5. Shelly P.

    I have been through the SSDI process for myself, my husband, 2 friends and now my daughter. They were all approved but one who and she did not follow the paralegals instructions and was deceptive.All used the same paralegal I did. I am not an expert, just a regular person, but here is my advise.

    There are a lot of deadlines, the need for medical records, etc. is vital to your case. Continue to see doctors until your case is settled.
    My advice, find a lawyer or a paralegal to do the work for you. The only time you actually need an attorney is if after you have your hearing with the Judge you are turned down. A that point a paralegal can not represent you in a law suit, it must be an Attorney.

    For most this is a long stressful process from start to finish, I would not do it without legal representation to
    order, copy and file and the paperwork for me. Every case is different, so don’t think your case will move along like anyone else that you may know who went through the process. We all have different medical back grounds, some have more records to establish their case or issues you may not know about that helped them to get through the process quicker, or may have slowed them down. Your case is your case, you can’t depend on how much time it took others, or how much money they may have gotten awarded in the end. If you want to know an approximate amount of what you may be awarded, ask for your Social Security Statement. It will have a place on there that will tell what your income may be if you have become disabled and cannot work.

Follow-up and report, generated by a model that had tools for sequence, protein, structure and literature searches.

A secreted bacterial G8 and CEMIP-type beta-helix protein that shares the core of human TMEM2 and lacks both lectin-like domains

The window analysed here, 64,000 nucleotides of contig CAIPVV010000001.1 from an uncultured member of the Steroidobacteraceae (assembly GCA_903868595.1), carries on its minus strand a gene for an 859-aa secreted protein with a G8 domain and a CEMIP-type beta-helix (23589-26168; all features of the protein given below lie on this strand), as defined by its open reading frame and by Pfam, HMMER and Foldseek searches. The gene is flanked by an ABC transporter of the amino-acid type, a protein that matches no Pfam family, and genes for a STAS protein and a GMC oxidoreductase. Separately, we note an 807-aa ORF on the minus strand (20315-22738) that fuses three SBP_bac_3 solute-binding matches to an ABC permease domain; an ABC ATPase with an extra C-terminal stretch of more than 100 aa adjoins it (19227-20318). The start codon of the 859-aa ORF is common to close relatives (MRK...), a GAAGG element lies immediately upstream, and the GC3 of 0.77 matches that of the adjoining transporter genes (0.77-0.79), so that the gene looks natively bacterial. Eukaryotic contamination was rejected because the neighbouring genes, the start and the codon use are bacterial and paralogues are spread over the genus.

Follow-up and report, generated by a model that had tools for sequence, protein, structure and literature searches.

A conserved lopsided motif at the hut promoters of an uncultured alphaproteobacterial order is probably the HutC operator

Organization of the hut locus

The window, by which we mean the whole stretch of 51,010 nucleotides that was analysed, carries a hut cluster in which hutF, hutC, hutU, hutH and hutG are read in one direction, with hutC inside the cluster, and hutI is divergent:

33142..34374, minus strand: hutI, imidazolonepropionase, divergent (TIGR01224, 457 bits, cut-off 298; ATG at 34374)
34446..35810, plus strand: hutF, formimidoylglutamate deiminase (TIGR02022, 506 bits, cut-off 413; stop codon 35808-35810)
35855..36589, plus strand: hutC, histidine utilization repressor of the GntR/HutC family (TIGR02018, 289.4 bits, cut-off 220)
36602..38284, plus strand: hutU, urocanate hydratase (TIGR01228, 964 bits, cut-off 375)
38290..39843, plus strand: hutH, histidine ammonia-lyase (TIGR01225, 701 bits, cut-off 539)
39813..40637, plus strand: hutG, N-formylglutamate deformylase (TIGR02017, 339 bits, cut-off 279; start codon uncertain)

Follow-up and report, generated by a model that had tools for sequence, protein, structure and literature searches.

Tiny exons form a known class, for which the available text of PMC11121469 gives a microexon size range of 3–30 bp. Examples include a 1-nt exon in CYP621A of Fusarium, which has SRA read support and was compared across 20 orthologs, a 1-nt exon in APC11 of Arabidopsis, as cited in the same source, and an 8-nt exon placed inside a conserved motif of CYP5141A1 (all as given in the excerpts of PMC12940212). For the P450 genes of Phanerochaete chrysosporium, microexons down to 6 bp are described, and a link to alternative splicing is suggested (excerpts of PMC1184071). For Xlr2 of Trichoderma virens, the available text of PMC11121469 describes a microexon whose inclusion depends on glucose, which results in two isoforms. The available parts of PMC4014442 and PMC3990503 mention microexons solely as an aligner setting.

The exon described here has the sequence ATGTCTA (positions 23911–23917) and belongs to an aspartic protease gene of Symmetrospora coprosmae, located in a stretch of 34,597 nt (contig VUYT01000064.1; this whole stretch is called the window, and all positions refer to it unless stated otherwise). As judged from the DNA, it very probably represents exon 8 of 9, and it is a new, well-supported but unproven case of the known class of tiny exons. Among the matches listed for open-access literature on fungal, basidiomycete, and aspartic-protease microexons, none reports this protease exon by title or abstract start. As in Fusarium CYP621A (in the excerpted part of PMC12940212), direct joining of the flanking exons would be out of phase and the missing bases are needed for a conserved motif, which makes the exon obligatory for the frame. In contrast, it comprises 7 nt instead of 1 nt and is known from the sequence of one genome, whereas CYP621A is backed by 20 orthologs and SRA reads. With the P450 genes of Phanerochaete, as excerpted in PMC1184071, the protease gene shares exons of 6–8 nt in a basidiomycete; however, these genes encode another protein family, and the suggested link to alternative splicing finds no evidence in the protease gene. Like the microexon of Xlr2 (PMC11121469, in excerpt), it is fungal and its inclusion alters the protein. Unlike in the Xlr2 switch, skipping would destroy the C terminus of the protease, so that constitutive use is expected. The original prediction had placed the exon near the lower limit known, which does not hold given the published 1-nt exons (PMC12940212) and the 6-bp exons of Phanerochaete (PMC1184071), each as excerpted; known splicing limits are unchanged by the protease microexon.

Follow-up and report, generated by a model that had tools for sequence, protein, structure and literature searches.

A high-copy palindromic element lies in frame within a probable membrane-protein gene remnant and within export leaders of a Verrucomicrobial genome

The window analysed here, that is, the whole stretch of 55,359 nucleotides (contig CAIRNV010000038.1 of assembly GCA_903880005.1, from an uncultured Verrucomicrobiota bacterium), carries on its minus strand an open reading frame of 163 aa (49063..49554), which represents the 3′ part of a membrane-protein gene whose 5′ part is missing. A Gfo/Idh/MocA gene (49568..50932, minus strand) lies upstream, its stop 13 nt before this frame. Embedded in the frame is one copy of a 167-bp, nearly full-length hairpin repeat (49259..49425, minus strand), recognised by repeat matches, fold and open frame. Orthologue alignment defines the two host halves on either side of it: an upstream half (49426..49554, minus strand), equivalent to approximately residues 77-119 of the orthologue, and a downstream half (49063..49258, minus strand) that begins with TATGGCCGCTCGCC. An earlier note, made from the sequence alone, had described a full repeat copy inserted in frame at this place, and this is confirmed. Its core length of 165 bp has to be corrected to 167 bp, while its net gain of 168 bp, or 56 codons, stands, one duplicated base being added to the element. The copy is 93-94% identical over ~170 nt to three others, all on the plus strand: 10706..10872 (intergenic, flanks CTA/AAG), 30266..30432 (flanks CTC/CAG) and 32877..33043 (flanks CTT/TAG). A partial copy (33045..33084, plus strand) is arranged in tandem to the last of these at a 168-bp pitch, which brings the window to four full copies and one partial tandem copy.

You will only receive what you paid into the system during the years you have worked.

    Realize you cannot work during the process whatsoever. Realize there is always the possibility that someone from the social security office may check up on you to see if you are as disabled as you claim to be. In other words, don’t say you can’t walk, or lift a certain amount of weight, etc. and then be seen carrying 30 lbs of groceries into you house, mowing your lawn or doing anything to go against doctors orders or your listed limitations. Sometimes, people can report you and they will send someone to document you if you are living in such a way that goes against what you have claimed you cannot do. I have not seen that happen, but It does happen.